An Innovative Nurse Residency Program Will Get Aspiring Rhode Island Nurses into the Community
May 10, 2013, 10:00 AM, Posted by Lynne Dunphy
Lynne M. Dunphy, PhD, FNP, is the founding nurse co-lead of the Rhode Island Action Coalition and an alumna of the Robert Wood Johnson Foundation Executive Nurse Fellows program. She is a professor and associate dean of external affairs at the University of Rhode Island’s College of Nursing, where she also holds the Routhier Chair of Practice. This is part of a series of posts for National Nurses Week, highlighting how nurses are driving quality and innovation in patient care.
At the University of Rhode Island, I teach a graduate course in health care policy. Rhode Island Lt. Governor Elizabeth Roberts recently spoke to my class about health reform, and I showed her around our college of nursing. As we walked through rooms with high-tech simulation equipment and other labs that imitate real-life practice, she raised a question that resonated with me: Are your students getting out into the community? This is where our health care needs of the future will be.
So many of our nursing students want to go into acute care, and I am concerned that they have not had enough exposure to the entire health care system. The following questions keep coming to mind:
- Do they learn enough about all the settings they could work in?
- Do they understand what their responsibilities and day-to-day activities would be in various settings, such as in a community health center or long-term care facility?
- Do they understand how to implement population-based care?
- Are they ready for the challenging work of visiting patients in home care settings?
- Are they truly prepared?
We know that health care will be increasingly focused on keeping patients out of the acute care settings. Nurse theorist Martha Rogers, MA, MPH, ScD, said before 1960 that “hospitals are our mistakes.” A community-health nurse, Rogers understood the need for population-based care. Nursing’s emphasis needs to be on wellness, health-promotion, behavioral change, and care of the older adult population.
I know our new graduate RNs could enrich community-based settings, home care, and long term care, as well as the acute care setting. I see so much enthusiasm and creativity in them! They have energy and vision, which will help them succeed, and no preconceived ideas to hold them back. We need to unleash that power to really make change and improve access to high quality care for all of our citizens.
The Rhode Island Action Coalition recently received a State Implementation Program (SIP) grant from the Robert Wood Johnson Foundation (RWJF), as well as support from the Governor’s Workforce Board (GWB) in partnership with Stepping Up. A member of our coalition and health care industry partner of the GWB, Stepping Up partnered with the coalition and was awarded an Innovative Partnerships grant from the GWB. Stepping Up will focus on enrolling unemployed and underemployed nurses in the residency program. It is a partnership between the UNAP/Rhode Island Hospital Health Care Education Trust and Women and Infants Hospital, other Rhode Island-based hospitals and health care organizations, education and training providers, labor unions and funders. Thanks to support and generous cash matches from a wonderful group of partners, we received more than $248,000 in SIP funding from RWJF. Combined with Stepping Up’s award of $247,000 from GWB funds, we have garnered close to $500,000 to launch the first statewide residency program!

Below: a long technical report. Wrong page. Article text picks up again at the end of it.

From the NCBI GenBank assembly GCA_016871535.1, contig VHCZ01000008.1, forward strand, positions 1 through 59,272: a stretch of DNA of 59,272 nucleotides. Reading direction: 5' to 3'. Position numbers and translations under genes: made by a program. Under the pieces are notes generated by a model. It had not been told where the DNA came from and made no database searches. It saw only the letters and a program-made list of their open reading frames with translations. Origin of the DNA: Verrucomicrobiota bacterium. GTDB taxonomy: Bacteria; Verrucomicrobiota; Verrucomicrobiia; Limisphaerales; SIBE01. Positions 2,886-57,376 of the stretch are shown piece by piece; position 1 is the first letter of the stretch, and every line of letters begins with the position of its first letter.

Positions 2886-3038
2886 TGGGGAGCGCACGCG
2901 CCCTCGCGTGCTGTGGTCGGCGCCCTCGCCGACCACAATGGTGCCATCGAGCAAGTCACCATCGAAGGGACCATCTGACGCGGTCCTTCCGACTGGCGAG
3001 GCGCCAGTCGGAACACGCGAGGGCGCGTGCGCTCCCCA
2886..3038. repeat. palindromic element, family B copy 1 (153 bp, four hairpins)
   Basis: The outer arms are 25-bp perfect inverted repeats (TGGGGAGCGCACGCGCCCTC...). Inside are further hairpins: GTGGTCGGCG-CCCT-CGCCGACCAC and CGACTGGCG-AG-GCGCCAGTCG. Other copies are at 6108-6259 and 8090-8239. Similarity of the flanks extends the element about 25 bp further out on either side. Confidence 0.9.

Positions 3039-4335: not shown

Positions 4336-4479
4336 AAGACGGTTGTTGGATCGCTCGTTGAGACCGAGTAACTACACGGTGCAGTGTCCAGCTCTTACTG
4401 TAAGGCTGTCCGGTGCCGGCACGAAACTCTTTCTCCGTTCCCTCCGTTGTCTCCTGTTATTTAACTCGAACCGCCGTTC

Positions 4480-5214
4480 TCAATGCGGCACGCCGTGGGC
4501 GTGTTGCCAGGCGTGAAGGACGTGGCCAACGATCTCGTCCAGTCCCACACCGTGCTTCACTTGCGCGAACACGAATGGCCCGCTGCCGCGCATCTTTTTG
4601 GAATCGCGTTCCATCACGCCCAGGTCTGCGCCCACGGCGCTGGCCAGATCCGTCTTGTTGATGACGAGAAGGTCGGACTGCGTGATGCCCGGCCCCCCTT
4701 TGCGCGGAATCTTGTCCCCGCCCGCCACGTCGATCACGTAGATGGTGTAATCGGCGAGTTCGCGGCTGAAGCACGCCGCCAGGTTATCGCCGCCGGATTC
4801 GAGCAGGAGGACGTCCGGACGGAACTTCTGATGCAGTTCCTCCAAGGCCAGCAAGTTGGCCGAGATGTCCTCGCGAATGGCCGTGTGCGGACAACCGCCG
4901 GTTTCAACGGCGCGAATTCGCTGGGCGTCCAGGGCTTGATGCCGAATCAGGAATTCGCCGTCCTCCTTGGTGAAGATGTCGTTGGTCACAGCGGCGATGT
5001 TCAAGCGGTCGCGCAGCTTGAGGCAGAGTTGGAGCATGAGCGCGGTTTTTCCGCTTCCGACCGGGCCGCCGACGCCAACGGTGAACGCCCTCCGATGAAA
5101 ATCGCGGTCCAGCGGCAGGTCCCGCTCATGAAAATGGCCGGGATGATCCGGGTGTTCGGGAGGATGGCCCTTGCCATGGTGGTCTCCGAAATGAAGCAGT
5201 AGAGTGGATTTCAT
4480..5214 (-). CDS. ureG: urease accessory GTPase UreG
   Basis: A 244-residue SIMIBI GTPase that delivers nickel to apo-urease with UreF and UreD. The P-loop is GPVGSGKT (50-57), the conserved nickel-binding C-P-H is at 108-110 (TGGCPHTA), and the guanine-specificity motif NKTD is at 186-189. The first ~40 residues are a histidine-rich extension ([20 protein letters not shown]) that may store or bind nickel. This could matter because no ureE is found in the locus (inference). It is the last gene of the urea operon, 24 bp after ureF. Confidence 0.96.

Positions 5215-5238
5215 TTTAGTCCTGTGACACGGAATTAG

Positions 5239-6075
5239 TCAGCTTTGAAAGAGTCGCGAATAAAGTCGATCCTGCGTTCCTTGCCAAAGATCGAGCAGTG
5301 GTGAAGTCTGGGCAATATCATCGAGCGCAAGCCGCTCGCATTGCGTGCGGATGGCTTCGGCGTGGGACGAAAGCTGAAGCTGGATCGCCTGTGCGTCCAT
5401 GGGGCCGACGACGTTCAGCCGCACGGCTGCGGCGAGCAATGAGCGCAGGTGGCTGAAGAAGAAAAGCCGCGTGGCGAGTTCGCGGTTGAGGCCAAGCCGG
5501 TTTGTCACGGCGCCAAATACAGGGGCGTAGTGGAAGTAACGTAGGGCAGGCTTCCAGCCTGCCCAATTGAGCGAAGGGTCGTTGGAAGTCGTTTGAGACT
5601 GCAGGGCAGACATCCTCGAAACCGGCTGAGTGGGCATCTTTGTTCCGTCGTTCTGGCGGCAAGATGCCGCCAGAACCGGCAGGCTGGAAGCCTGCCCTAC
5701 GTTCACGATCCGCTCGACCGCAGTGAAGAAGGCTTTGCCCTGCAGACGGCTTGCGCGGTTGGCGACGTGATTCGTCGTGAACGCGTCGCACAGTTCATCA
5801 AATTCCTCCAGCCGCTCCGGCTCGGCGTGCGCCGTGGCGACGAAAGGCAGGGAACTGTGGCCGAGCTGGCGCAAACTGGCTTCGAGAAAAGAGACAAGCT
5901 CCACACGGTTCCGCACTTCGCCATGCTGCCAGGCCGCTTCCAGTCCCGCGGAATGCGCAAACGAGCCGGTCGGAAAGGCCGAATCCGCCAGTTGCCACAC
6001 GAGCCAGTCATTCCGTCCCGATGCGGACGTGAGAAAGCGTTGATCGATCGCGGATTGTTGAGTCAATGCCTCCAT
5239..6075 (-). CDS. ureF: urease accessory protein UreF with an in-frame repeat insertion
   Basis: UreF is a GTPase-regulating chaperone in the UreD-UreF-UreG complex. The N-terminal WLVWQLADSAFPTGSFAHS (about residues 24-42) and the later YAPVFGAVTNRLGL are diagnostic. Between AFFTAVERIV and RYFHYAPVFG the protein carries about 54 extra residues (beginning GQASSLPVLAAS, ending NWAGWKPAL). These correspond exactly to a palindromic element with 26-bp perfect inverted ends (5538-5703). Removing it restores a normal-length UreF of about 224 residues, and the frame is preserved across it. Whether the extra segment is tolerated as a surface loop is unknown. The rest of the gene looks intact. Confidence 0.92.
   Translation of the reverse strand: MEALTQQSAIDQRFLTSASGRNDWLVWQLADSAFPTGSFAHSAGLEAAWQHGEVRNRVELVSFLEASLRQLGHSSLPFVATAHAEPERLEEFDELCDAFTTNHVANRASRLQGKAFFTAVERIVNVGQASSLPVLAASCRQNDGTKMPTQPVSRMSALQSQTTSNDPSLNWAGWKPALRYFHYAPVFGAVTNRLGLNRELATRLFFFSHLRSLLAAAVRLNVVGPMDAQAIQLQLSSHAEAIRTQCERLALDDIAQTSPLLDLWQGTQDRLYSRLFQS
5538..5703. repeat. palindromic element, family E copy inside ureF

The residency’s most unique feature is that it will cross the continuum of care. It will expose nurses to a variety of practice settings: acute care, community health clinics, visiting nurse services, long-term care facilities, behavioral health hospitals, and developmental disability providers. Each nurse accepted into the program will receive a small stipend and, at minimum, practice at three different sites during his or her residency.
Our program is designed for new, unemployed or underemployed nursing school graduates, rather than working nurses (who sometimes have residencies to get oriented to their institutions). The main purpose of the nurse residency we are creating is educative, with an additional focus on workforce development. Baccalaureate-prepared nurses (BSMs) in our residency program will gain valuable continuing education and training. Associates-degree nurses (ADNs) who are enrolled in baccalaureate programs can also apply for our residency.
The residency will also have a classroom component building on the Institute of Medicine’s “Nurse of the Future” competencies. It will include leadership, evidence-based practice, and quality and safety components. This will provide additional education and help these new graduate nurses to apply these principles across the continuum of care. Managing transitions of care from one care setting to another is a big part of what nurses do best.
Though we’re still in the design phase of the residency, we hope to have our first cohort of residents in place by September.
We can predict several upcoming changes in the health care sector:
- Long term care and visiting nurse services will need more nurses as baby boomers age; and
- Community health centers will need more nurses as more people become insured under health reform.
This residency program will enable new graduate RNs to be instrumental in leading change and transforming health care settings. We also hope it will become a model for other nurse residency programs.
Rhode Island and the nation need a well prepared nursing workforce, ready to meet patient needs in all settings.
This commentary originally appeared on the RWJF Human Capital Blog. The views and opinions expressed here are those of the authors.